Automation is boundless and not restricted by the size of the operation, as robotics can automate the slow, monotonous chores, enabling producers to focus on more essential, time-sensitive tasks. The ‘BoarBot’ by Swine Robotics and ‘CONTACT-O-Max’ by Ro-Main are technologies that optimize heat detection by reducing labour normally required for handling boars, while maximizing boar contact with females.
Another product offered by Swine Robotics is a robotic power washer, which, according to the company’s website, reduces wash time by 85 to 90 per cent and limits worker exposure to disinfectant chemicals. Lastly, a feed-dispensing, classical-music-playing robot has become quite popular in Brazil, where they are also experiencing a labour shortage. RoboAgro, the manufacturer, has stated that a farm can save $8,000 per year for every 1,000 animals by dispensing the exact amount of feed required per animal while reducing employee labour.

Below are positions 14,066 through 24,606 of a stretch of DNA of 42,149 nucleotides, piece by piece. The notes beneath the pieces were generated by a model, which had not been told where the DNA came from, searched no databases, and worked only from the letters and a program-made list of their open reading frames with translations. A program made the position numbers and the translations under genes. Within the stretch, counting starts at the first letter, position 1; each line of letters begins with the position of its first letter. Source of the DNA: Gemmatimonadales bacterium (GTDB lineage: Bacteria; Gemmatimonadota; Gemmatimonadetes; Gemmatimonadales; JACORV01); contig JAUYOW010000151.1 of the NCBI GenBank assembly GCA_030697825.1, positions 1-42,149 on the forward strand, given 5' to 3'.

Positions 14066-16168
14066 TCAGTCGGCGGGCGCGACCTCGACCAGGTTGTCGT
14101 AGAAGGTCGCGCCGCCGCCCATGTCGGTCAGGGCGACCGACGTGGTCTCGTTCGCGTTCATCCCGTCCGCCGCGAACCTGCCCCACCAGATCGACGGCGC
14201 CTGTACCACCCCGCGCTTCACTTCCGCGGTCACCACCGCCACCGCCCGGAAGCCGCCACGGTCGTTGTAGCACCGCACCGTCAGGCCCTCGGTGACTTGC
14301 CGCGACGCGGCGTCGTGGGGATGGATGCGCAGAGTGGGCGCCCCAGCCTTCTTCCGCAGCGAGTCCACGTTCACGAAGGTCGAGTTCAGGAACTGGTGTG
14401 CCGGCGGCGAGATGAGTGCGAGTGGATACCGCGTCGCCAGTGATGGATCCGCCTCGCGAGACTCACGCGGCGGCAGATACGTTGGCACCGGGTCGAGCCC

Collectively, automated products like these give hog farmers the tools to mitigate fluctuations in daily routines from employee turnover or health, so focus can be directed towards pertinent farm responsibilities, such as mating, gilt development and post-natal care in farrowing.
The other AI, artificial intelligence, has successfully entered the swine industry with products such as the camera-based technology by Ro-Main called ‘PigWatch’ that monitors sow activity post-weaning and notifies the farm at the optimal time for insemination. Data has shown that, when used in conjunction with heat detection, PigWatch can identify the optimal breeding time and lower the average number of inseminations per sow. A similar behavior monitoring technology for group housing, designed by Nedap Livestock Management, records the frequency of female visits to the boar area and notifies the farm when the threshold for estrus has been reached.
Another sensor-based technology, the ‘E Doctor,’ loosely referred to as a Fitbit for pigs, is being developed by SmartAHC. This wireless ear tag collects real-time data on body temperature, physical activities and estrus. Although in their infancy, wearable smart devices have the potential to revolutionize the industry, reduce human error and improve farm efficiencies. This is a relatively new area, but according to IDTechEX, a market research firm, the global demand for wearable technologies for animals, including livestock, is estimated to be $2.6 billion by 2025.